Antibiotic use during pregnancy – a link to childhood asthma?

Children whose mothers took antibiotics while they were pregnant were slightly more likely than other kids to develop asthma in a new Danish study…

Antibiotics in pregnancy tied to asthma in kids

“We speculate that mothers’ use of antibiotics changes the balance of natural bacteria, which is transmitted to the newborn, and that such unbalanced bacteria in early life impact on the immune maturation in the newborn,” said Dr. Hans Bisgaard, one of the authors of the study and a professor at the University of Copenhagen. Those effects on the immune system could lead to asthma later on, although it’s still not clear how, said Anita Kozyrskyj, a professor at the University of Alberta…

Previous research has linked antibiotics taken during infancy to a higher risk of asthma, although some researchers have disputed those findings.

To look for effects starting at an even earlier point in a baby’s development, Bisgaard and his colleagues gathered information from a Danish national birth database of more than 30,000 children born between 1997 and 2003 and followed for five years….Bisgaard’s team calculated that the children who had been exposed to antibiotics were 17 percent more likely to be hospitalized for asthma. Similarly, these children were also 18  percent more likely to have been given a prescription for an asthma medication than kids whose mothers did not take antibiotics when they were pregnant, according to findings published in The Journal of Pediatrics.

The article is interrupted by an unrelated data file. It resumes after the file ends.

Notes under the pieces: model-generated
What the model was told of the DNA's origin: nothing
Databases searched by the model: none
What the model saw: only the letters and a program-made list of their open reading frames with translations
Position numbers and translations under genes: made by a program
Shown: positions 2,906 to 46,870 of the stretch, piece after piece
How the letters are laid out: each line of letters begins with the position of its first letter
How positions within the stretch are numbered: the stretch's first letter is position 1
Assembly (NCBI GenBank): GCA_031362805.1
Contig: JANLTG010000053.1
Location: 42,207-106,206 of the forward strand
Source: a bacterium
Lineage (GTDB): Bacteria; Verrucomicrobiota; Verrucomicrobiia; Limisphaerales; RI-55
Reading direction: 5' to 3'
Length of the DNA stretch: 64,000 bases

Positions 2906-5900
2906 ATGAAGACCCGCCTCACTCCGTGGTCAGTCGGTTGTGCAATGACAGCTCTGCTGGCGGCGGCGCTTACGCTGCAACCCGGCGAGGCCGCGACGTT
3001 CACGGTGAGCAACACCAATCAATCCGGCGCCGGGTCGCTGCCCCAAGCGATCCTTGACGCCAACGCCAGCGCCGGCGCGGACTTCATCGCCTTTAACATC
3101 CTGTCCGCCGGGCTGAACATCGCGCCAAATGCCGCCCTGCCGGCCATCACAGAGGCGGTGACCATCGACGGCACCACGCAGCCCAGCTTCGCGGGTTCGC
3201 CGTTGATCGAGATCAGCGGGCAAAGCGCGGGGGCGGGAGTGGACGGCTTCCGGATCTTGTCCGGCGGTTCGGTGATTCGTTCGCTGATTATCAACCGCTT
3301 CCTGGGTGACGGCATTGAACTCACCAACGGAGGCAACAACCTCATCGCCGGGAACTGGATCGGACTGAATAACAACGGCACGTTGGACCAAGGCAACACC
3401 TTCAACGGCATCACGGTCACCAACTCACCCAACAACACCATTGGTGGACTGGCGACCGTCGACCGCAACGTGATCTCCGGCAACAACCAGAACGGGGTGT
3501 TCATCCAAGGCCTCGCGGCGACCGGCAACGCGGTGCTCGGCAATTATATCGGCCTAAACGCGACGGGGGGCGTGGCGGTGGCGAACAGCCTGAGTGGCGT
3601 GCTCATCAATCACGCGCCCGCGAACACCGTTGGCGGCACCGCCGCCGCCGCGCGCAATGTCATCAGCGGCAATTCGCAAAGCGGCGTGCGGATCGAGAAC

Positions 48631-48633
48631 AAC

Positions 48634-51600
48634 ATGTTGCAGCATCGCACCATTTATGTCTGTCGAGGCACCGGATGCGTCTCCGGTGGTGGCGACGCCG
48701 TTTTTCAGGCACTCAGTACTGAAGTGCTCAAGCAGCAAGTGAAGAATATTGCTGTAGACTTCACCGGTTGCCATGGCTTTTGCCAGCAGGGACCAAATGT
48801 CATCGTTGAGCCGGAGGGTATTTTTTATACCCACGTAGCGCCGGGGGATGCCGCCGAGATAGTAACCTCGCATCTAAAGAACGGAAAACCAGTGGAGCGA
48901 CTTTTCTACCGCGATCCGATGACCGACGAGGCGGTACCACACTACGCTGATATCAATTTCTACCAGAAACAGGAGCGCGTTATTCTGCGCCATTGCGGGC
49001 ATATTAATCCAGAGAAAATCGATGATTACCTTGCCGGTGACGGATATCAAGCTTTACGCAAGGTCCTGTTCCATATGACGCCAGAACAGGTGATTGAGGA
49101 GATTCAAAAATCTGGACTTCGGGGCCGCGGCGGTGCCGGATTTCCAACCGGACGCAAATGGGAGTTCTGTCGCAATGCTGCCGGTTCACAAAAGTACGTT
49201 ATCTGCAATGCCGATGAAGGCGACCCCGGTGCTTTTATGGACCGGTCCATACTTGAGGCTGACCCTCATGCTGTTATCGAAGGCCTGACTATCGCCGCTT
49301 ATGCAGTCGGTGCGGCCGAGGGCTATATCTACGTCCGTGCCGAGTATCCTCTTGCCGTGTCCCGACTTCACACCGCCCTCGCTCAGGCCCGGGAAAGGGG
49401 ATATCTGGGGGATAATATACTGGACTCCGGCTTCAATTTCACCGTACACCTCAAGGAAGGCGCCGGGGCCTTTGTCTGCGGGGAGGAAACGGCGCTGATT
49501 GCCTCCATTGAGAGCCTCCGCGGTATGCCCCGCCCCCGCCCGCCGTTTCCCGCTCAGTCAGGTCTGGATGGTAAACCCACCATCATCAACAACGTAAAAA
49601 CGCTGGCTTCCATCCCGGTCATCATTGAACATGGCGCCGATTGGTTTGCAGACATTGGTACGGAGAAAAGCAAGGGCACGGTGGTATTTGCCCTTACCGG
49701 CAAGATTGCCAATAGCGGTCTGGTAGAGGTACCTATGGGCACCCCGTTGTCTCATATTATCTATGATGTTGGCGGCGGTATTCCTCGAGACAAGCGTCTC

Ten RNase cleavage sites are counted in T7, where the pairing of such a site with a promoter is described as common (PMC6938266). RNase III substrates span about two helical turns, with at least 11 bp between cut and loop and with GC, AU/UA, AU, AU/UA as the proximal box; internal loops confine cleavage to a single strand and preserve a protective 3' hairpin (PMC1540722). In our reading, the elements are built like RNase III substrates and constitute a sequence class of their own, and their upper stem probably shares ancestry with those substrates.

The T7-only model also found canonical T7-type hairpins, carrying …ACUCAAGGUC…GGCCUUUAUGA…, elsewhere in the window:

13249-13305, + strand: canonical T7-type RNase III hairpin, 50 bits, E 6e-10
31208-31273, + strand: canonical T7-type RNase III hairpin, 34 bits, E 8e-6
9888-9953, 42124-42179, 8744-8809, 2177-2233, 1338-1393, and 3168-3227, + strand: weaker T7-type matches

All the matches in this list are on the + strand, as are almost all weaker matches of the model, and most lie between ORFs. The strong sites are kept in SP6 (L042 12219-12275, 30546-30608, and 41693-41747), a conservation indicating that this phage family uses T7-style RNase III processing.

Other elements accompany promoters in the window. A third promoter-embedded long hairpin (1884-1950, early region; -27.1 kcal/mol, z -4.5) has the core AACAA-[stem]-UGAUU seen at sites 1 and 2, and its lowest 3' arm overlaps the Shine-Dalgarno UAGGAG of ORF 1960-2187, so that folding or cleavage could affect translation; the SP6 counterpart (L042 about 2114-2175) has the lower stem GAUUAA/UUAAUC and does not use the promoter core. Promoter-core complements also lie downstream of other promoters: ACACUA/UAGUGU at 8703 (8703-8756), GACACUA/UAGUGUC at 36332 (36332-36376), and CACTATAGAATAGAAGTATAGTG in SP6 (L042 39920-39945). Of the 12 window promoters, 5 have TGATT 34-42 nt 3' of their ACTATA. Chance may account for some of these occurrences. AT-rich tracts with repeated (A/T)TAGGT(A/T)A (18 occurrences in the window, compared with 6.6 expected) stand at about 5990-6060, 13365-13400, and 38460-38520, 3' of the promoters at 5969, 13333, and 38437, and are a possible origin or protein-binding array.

While the actual causes of asthma remain largely unknown, according to National Jewish Health, the #1 respiratory hospital in the country, it is widely accepted that asthma is inherited. A cautionary note to all women: This new observational study provided no evidence that pregnant women should avoid antibiotics to prevent asthma in their child.

An example of those researchers mentioned in today’s news story who question a link between antibiotic usage during pregnancy and the risk of childhood asthma are the authors of a systematic review published last year in Pediatrics. In examining all research published since 1950 that assessed correlations between antibiotic exposure during pregnanay or the first year of  life and childhood asthma, they found a pooled odds ratio of 52%, but studies that adjusted for respiratory infections showed a correlation of 16%. Retrospective studies, they noted, had the highest estimates and reported significant relationships, but prospective studies did not. The authors concluded that such a link “remains tentative” because reverse causality and protopathic bias were observed in those “methodologically less secure studies.”

6 responses to “Antibiotic use during pregnancy – a link to childhood asthma?

  1. Wow, sick people take medicine. What a shocker.

  2. The cause of childhood asthma list keeps expanding. It was kids live in a cleaner environment. Then it was childhood doses of acetaminophen. Do we add this one to the causes or just admit that we don’t know the cause of increased childhood asthma? Or is the increase an increase in diagnosis?

  3. And I thought asthma was caused by phthalates. Silly me.

  4. pthalates are not so good at causing asthma. They are really good at causing hysteria. The cure for hysteria though often comes from a potentially pthalate containing device.

  5. (with apologies to Woody Guthrie)
    Dig and I dig and dig and dig
    Dig diggy dig dig dig a dig
    Dig diggy diggy dig dig
    And I dig my life away-o
    And I dig my life away

    Correlation is hard to find
    Correlation is hard to find
    Down in the data and down in the mine
    And I dig my life away-o
    And I dig my life away

    Perfect lie is hard to find
    Perfect lie is hard to find
    Down in the surveys and slime
    And I dig my life away-o
    And I dig my life away

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